Jewish mentally ill

       During the Holocaust,  the Nazi’s viewed those with mental illnesses or disabilities as “biological enemies” (Mueller & Beddies, 2006). It was believed that such people were inferior to the rest of the population and considered to be a drain on society. Under Hitler’s rule, the Nazi’s were willing to do whatever it took to rid Europe of such people; a process that soon became known as “racial hygiene”  (Mueller & Beddies, 2006). The following excerpt from the United States Holocaust Memorial Museum website is only an introduction of what was to become of the mentally ill under Nazi reign….

“On July 14, 1933, the German government instituted the Law for the Prevention of Progeny with Hereditary Diseases. This law called for the sterilization of all persons who suffered from diseases considered hereditary, including mental illness, learning disabilities, physical deformity, epilepsy, blindness, deafness, and severe alcoholism”

During the Holocaust, German psychiatrists and physicians were quick to believe that any mental or physical ailment was hereditary(Mueller & Beddies, 2006, Strous, 2008). This presented a threat to Hitler and his regime. If these “unfit” members of society were to procreate, the world would never be rid of them (Gittelman, 2006). In reaction to this belief, extermination programs were put into effect to prevent any further transmission of disease as well as greatly diminish the number of living Jewish people with mental illnesses. In 1933, sterilization and euthanasia programs were put into effect (Strous, 2008). Information on Hitler’s decree known as “mercy death” can also be found in the euthanasia section of this website.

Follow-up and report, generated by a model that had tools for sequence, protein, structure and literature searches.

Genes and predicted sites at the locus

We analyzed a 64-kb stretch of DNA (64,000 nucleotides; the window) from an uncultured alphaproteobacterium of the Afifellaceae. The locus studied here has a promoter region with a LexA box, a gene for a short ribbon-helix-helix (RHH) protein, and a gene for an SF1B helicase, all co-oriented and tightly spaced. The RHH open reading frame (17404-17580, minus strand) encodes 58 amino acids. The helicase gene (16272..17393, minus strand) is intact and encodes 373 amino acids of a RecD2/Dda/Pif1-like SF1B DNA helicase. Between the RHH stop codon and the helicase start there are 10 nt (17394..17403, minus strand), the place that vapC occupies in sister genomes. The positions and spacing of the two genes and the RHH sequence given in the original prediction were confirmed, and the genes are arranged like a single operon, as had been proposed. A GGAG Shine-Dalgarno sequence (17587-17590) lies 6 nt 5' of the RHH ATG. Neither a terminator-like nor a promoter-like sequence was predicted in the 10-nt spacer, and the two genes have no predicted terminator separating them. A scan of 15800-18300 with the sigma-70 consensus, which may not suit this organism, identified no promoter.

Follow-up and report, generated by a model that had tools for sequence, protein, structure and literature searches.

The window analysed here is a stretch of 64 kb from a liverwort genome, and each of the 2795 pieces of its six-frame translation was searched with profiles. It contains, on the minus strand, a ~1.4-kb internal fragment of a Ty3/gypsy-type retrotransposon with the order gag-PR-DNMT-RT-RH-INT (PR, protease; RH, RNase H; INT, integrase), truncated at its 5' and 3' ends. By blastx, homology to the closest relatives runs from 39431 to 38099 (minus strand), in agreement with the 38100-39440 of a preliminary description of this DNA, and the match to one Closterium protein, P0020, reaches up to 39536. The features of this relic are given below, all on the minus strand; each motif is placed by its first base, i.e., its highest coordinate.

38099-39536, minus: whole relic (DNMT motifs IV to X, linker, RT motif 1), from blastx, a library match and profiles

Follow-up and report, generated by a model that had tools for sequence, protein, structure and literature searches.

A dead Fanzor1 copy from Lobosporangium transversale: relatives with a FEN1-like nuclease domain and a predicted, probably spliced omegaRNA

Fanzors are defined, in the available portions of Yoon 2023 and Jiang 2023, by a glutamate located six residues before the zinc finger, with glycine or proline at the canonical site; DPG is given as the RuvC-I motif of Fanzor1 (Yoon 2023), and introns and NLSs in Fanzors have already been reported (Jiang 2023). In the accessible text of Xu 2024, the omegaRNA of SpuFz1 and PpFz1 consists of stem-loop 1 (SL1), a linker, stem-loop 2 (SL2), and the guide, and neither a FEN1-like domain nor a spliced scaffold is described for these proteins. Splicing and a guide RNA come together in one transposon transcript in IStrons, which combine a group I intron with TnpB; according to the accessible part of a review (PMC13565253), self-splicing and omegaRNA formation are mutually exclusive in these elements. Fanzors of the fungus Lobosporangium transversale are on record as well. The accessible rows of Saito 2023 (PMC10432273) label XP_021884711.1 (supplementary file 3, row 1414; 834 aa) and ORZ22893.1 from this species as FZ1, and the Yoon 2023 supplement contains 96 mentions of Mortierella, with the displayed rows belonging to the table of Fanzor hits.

After the retraction of Hitler’s T4 “mercy death” program (found in the eugenics section), starvation and drugs became the most prominent way of putting individuals with disabilities to death. This was happening in both psychiatric hospitals as well as concentration camps (Strous, 2008)

Apart from attempting to exterminate the “different” and  Jewish population, physicians in concentration camps frequently performed experimental medical procedures (Jotkowitz, 2008). The patients for these gruesome procedures were often those with some sort of physical or mental ailment. The patients were often left with further disabilities or disfiguration. Today, the medical practices performed would be seen as medical torture. The foundation of these medical experiments was the enhancement of Hitlers military force. This lead to the Nuremberg Code of Medical Ethics.

The murder of the Jewish mentally ill serves to bridge the gap between Hitler’s euthanasia programs and the Final Solution (Strous, 2008)


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